Video

Video Latinas Converting to Islam for Identity, Structure

Latinos are one of the fastest growing groups in the Muslim religion. According to the Pew Research Center, about 6 percent of American Muslims are Latino. And a little more than half of new converts are female. VOA’s Carolyn Presutti travelled to Miami, Florida -- where two out of every three residents is Hispanic -- to learn more.
Video

Video Exclusive: American Joins Kurds' Anti-IS Fight

The United States and other Western nations have expressed alarm about their citizens joining Islamic State forces in Syria and Iraq. In a rare counterpoint to the phenomenon, an American has taken up arms with the militants' Syrian Kurdish opponents. Elizabeth Arrott has more in this exclusive profile by VOA Kurdish reporter Zana Omer in Ras al Ayn, Syria.
Video

Video South Korea Confronts Violence Within Military Ranks

Every able-bodied South Korean male between 18 and 35 must serve for 21 to 36 months in the country’s armed forces, depending upon the specific branch. For many, service is a rite of passage to manhood. But there are growing concerns that bullying and violence come along with the tradition. Reporter Jason Strother has more from Seoul.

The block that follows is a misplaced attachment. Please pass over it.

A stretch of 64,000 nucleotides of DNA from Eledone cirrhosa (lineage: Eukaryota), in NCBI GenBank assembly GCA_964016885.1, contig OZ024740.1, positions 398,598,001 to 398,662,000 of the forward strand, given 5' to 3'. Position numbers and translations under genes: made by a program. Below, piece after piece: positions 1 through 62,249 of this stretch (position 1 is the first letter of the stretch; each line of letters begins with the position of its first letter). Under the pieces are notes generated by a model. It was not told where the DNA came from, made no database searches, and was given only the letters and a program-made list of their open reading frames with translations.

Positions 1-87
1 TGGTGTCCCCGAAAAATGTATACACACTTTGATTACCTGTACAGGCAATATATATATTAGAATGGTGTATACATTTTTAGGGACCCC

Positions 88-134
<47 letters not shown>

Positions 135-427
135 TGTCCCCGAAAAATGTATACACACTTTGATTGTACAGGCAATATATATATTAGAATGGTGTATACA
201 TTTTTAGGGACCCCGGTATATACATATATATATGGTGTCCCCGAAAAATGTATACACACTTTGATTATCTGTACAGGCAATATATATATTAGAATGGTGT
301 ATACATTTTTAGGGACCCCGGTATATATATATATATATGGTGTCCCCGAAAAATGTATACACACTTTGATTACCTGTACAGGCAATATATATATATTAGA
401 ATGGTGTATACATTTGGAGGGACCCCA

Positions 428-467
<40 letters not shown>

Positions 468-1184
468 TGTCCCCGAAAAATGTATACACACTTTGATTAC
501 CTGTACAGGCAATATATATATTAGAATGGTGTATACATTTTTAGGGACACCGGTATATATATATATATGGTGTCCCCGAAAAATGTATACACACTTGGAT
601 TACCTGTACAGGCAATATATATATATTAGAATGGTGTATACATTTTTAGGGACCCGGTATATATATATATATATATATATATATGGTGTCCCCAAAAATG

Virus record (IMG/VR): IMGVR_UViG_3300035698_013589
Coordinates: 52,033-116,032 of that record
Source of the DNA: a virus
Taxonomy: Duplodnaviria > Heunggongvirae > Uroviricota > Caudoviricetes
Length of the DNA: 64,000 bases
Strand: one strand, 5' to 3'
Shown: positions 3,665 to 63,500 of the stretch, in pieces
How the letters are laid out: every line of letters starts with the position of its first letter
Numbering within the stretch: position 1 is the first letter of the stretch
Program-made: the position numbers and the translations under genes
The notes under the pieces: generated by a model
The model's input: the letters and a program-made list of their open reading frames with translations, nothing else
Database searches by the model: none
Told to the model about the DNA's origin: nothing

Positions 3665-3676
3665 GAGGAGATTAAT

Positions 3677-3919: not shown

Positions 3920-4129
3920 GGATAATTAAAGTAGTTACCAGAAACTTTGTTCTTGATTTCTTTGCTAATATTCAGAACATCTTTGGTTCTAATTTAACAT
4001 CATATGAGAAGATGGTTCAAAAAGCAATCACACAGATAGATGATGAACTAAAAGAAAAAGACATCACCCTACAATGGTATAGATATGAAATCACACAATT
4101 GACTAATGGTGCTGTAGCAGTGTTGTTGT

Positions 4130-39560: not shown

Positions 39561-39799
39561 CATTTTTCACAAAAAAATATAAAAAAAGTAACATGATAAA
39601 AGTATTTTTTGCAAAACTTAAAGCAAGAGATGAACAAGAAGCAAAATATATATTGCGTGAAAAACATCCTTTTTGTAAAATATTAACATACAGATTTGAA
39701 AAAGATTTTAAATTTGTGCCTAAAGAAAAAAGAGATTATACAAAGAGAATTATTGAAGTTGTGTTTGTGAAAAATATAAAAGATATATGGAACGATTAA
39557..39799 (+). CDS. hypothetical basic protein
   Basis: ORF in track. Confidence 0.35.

Video

Video North Carolina Emerges as Key Election Battleground

U.S. congressional midterm elections will be held on November 4th and most political analysts give Republicans an excellent chance to win a majority in the U.S. Senate, which Democrats now control. So what are the issues driving voters in this congressional election year? VOA National Correspondent Jim Malone traveled to North Carolina, one of the most politically competitive states in the country, to find out.
Video

Video Comanche People Maintain Pride in Their Heritage

The Comanche (Indian nation) once were called the “Lords of the Plains,” with an empire that included half the land area of current day Texas, large parts of Oklahoma, New Mexico, Kansas and Colorado.The fierceness and battle prowess of these warriors on horseback delayed the settlement of most of West Texas for four decades. VOA’s Greg Flakus reports from Lawton, Oklahoma, that while their warrior days are over, the 15,000 members of the Comanche Nation remain a proud people.
Video

Video Turkey Campus Attacks Raise Islamic Radicalization Fears

Concerns are growing in Turkey of Islamic radicalization at some universities, after clashes between supporters of the jihadist group Islamic State (IS) or ISIS, and those opposed to the extremists. Pro-jihadist literature is on sale openly on the streets of Istanbul. Critics accuse the government of turning a blind eye to radicalism at home, while Kurds accuse the president of supporting IS - a charge strongly denied. Henry Ridgwell reports from London.

All About America

AppleAndroid